You don’t have to say it.
It’s early. Words aren’t important; actions are louder.
The title of this post, “Not to overreact, but: SIZAFITZ! SHKLORTCH! BLORT!” is actually a piece of performance art. It is my impression of the Mets twitterverse exploding during baseball’s GM Meetings.
Collectively, we hear things and flip out.
Hopefully all those devastated, angry feelings will be rendered meaningless over time, another object lesson in how not to react to every puny utterance that is said in November.
I am referring, for example, to this minor item from a couple of days back:
“[On] Tuesday, Mets general manager Sandy Alderson hinted that finding an alternative backup catcher is not an important need.
“First of all, we like Anthony Recker as a backup,” Alderson said. “So if we were to get a more veteran guy, it would be in part out of concern that somebody is going to have to play every day if d’Arnaud gets hurt. Part of it might be a desire to have a little bit of mentorship for both d’Arnaud and Recker.
“The nice thing is we have a guy like [bench coach] Bob Geren on our staff, who had been very good at that himself. So the backup veteran catcher is not really a high priority for us. I mean, it’s nice to have. We’ve got some other need-to-have holes to fill.”
The management team that was content in 2012 with a backstop combination of Josh Thole and Mike Nickeas is now planning to leave their top-hitting prospect, catcher Travis d’Arnaud, without a mentor.
There’s been a lot of discussion about “The Plan,” writ large, but this is also a plan on a minor note. Penny-wise, pound-foolish. I hope it doesn’t play out this way in real life.
I believe it’s important to provide d’Arnaud with extra support to help ease his transition to the team. We know that he’s going to struggle behind the plate. He’s going to slump with the bat. He’s going to have to learn how to handle an entire staff — as a rookie catcher. There’s a lot weighing on his shoulders. It’s a huge task.
Think of what this organization has invested in Travis d’Arnaud. We traded a Cy Young award-winner for him. Think about a club that’s places its best hope on young pitching. Think of how Terry Collins kept rolling John Buck out there there first few months of the season, wearing him down to the point of uselessness. This man gets to steer the ship for another season. Because, you know, back-to-back 74 win seasons do not go unrewarded in Flushing.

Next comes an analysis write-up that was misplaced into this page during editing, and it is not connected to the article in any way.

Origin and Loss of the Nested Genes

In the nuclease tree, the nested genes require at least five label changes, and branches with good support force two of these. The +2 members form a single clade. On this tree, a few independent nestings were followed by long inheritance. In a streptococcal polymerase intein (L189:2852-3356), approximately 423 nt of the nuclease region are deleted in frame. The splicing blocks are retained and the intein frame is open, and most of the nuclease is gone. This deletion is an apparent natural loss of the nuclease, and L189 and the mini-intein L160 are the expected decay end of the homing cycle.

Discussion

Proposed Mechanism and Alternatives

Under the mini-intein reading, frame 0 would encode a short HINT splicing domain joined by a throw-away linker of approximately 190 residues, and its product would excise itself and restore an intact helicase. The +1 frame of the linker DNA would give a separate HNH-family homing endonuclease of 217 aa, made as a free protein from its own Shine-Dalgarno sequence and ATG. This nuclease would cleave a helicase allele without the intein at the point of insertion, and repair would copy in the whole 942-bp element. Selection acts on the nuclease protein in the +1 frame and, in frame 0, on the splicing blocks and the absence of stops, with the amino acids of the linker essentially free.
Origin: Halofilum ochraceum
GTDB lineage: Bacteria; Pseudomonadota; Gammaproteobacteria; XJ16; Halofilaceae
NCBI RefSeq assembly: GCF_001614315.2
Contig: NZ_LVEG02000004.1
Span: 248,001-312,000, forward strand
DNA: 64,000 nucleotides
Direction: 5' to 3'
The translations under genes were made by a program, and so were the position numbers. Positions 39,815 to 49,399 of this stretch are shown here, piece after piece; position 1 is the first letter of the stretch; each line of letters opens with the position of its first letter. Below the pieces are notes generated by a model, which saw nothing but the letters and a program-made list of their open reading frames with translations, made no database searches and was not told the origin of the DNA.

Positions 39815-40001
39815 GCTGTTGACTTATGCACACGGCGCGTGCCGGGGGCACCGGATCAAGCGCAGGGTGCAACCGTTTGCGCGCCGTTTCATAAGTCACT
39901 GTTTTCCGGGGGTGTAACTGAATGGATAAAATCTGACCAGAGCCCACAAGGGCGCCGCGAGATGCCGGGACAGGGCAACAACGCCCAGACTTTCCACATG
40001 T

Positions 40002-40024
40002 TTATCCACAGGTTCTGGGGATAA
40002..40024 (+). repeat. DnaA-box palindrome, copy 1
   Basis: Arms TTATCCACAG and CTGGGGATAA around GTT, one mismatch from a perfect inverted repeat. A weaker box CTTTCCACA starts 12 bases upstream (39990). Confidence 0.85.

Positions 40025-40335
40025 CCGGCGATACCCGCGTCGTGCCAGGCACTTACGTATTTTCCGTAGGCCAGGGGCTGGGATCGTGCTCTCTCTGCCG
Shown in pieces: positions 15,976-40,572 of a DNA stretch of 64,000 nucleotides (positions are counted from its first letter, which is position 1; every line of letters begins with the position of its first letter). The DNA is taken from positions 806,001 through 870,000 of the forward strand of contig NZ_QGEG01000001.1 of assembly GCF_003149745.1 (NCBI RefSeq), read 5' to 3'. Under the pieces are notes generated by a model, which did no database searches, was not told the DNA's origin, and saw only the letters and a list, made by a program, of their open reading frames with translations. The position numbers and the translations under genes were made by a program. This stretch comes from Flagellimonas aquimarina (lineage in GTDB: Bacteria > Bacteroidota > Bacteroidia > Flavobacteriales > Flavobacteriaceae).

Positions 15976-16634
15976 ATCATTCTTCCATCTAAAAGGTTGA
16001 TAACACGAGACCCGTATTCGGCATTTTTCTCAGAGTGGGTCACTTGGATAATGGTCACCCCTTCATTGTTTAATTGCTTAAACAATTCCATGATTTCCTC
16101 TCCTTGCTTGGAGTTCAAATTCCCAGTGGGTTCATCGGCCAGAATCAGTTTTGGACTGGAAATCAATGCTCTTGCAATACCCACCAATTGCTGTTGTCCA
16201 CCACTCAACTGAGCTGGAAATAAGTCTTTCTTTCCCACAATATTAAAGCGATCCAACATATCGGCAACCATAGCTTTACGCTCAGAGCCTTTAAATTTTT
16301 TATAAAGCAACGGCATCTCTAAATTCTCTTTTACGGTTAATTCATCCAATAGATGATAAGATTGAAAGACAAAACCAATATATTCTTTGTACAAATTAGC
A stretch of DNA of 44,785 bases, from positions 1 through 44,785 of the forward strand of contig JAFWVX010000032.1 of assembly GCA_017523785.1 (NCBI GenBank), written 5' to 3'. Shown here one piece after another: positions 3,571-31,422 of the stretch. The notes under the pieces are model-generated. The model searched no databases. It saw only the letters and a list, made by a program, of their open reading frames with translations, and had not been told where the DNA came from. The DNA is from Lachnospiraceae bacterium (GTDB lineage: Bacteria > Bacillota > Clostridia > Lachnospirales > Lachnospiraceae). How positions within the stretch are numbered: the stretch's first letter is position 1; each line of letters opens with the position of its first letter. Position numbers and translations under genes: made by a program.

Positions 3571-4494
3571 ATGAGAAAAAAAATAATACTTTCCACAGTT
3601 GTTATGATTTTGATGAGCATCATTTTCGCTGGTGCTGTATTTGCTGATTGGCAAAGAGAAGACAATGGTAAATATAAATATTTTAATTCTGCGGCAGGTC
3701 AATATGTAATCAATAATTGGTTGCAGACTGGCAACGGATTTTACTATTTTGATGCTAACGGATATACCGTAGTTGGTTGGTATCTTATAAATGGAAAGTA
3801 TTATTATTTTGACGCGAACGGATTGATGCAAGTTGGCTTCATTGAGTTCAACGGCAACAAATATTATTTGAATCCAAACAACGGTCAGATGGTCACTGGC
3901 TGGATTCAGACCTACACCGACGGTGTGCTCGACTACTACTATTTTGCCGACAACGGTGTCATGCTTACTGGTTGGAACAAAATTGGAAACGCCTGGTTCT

The plan should be to support and help d’Arnaud succeed in every way possible. Pair him with a catcher who can show him the ropes. Who can reliably take a decent amount of starts. (It’s also another reason why he needed to start the season in Flushing . . . last year . . . so he could work with John Buck without the pressure of big expectations.)
The plan should not be, once again, to save a few crummy bucks at the catcher position. Anthony Recker seems like a good guy. He’s got some thump. But he’s not a talented backstop. He has little major league experience. Paired with Buck, he made sense. Paired with an equally inexperienced catcher? On a team that’s supposedly built around pitching? I don’t get it.
Of course, Sandy says that doesn’t matter, since the Mets have bench coach Bob Geren. He used to be a catcher! In fact, Geren started a total of 222 games in his rich and storied career. Think of that wealth of knowledge!
This is how I feel about NFL quarterbacks, too. If you’ve got a young guy who represents The Future, pair him with a veteran. A guide, a mentor, a confidant. Bob Geren is not a peer. He’s a coach, and he can only serve in that capacity.
Again, d’Arnaud is a key to the Mets future. If he’s the real deal — if he’s good behind the plate; if he hits anything near Charles Barkley’s weight; if he commands the respect of this staff — then the Mets will have filled a major piece of the puzzle.
Shouldn’t management do everything in their power to help this kid succeed?
Is this really the time to save a cool 0.75 million?
We’ve seen this movie before. Mike Nickeas backed up Josh Thole in 2012. The price was right. And the outcome was predictable.
Frustrating. And as eloquent as throwing in the towel.
If the Mets aren’t going to do the big things, then their strategies on the margins become even more critical. Small things matter.
In this aspect of team construction, I hope their actions are better than Sandy’s words.